Oregon Coast Educators and Students Engage in Science at Sea Activities
By Tracy Crews
Educators from Oregon will be taking part in a buoy deployment and research cruise off the Washington Coast to learn about how the changing ocean conditions impact ocean life in the Pacific Northwest. The deployment will occur over the Memorial Day weekend in NOAA’s Olympic Coast National Marine Sanctuary, from the University of Washington research vessel Thomas Thompson.
Ben Ewing of Lincoln County School District and Cindy Bryden from Haystack Rock Awareness Program will join other educators from Washington and use this opportunity to learn more about the oceanographic research that is addressing several critical issues impacting Pacific Northwest coastal and inland waters. Educators will incorporate the research and their own cruise experiences into their classrooms and education programs.
The primary purpose of this cruise is to deploy a moored buoy system with sensors to monitor ocean and weather conditions off the coast. A Seaglider, an autonomous underwater vehicle, is part of the observing array and will be deployed as well. These observing instruments are part of a larger observing system known as NEMO (Northwest Enhanced Moored Observatory). While at sea, the team will conduct water and plankton sampling as part of Washington Ocean Acidification Center monitoring for ocean acidification.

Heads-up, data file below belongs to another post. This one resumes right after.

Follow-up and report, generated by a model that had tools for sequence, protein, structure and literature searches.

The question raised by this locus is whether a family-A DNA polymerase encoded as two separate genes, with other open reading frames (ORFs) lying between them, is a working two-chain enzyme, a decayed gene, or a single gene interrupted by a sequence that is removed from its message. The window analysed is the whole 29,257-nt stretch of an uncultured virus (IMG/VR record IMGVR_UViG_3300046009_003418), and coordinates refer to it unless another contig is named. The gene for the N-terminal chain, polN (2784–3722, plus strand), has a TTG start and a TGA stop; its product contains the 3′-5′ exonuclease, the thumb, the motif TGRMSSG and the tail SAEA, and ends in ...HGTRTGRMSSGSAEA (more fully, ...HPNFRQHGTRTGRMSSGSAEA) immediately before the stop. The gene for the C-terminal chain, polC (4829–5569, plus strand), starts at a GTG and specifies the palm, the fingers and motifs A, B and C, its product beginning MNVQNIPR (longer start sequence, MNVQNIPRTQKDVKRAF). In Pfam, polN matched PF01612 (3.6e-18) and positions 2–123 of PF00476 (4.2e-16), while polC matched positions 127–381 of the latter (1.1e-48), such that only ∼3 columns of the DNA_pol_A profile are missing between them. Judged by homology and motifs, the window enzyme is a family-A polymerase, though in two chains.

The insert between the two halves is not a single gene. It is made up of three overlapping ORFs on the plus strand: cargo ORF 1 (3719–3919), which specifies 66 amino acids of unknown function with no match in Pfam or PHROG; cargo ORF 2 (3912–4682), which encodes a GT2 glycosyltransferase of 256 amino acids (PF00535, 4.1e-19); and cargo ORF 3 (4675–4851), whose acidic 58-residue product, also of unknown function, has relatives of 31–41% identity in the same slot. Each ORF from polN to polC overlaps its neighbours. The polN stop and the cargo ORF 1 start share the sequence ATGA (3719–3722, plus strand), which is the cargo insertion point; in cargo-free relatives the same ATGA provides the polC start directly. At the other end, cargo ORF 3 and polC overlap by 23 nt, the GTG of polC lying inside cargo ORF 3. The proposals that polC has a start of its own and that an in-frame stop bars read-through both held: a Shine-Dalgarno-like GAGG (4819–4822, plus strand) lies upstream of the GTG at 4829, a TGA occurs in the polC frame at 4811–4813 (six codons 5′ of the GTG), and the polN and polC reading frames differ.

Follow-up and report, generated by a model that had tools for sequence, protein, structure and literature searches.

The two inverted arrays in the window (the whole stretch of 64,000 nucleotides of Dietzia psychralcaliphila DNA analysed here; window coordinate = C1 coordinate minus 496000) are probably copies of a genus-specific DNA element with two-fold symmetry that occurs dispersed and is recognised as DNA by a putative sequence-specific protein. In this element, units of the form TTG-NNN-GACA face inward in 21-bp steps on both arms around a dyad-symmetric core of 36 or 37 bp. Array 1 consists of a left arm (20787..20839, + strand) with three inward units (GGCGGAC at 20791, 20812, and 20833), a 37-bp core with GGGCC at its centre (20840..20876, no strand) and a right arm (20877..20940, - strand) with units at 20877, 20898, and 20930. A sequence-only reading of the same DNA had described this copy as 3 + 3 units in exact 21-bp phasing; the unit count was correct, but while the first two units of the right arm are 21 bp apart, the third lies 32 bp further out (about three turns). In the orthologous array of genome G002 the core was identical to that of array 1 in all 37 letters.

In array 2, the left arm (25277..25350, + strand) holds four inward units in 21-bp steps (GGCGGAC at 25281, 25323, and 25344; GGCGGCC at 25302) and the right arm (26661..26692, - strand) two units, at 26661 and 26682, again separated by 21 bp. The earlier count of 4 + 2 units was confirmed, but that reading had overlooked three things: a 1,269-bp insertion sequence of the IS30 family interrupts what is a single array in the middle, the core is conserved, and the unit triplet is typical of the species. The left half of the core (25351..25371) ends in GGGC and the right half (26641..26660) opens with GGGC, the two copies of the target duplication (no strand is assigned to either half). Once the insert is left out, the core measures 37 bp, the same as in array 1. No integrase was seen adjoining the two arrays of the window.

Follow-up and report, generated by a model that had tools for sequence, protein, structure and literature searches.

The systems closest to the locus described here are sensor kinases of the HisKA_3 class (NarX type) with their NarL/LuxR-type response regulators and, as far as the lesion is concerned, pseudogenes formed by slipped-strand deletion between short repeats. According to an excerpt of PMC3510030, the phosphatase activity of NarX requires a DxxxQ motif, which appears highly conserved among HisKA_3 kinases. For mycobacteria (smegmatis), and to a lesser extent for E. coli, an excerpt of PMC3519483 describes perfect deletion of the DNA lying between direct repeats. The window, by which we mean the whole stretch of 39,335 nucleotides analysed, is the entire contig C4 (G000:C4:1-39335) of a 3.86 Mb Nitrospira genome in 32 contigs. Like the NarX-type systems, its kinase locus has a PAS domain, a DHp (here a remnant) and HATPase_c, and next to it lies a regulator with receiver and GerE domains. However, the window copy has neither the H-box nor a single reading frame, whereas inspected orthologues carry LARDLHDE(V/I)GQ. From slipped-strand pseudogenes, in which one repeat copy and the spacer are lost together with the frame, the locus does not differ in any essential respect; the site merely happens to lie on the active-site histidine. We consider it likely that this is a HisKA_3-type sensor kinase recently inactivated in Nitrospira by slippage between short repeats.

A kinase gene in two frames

In addition to supporting the research at sea, Toledo High School teacher Ben Ewing will be deploying the SS Dolphin, a five foot unmanned sailboat built by Sunset Middle School students in Coos Bay. This student-built sailboat is equipped with a GPS unit (Global Positioning System) so Oregon students and the public can track its journey across the Pacific. Funded by the Oregon Coast Science, Technology, Engineering, and Mathematics (STEM) Hub, the SS Dolphin is the second student-built boat to be deployed in the Pacific Ocean by research vessels this school year. Plans are currently underway for Hatfield Marine Science Center researchers to deploy a third student-built boat at the Marianas Trench near Guam in June.
Based at Oregon State University’s Hatfield Marine Science Center, the Oregon Coast STEM Hub is one of six regional STEM Hubs funded by the Oregon Department of Education. With over 50 active partners, the Oregon Coast STEM Hub serves coastal teachers, students and communities along the Oregon coast, connecting them with regional resources and providing world-class STEM experiences.
Track the boat online here: http://www.nefsc.noaa.gov/drifter/drift_ep_2015_1.html (Zoom into the Pacific NW)
Tracy Crews is the Project Manager for the Oregon Coast STEM Hub. You can reach her at OregonCoastSTEM@oregonstate.edu.
This is exciting. How do we follow the sailboat?
I believe it will appear on this page: http://www.nefsc.noaa.gov/drifter/drift_ep_2014_3.html
We will confirm and when the GPS starts broadcasting it’s position we will share the link here and on the “Hub Happenings” section of the Oregon Coast STEM Hub website!
Here is the link that will show the trajectory of the SS Dolphin: http://www.nefsc.noaa.gov/drifter/drift_ep_2015_1.html Zoom into the Pacific NW region.
Have an awesome trip, Ben! I look forward to reading about your trip!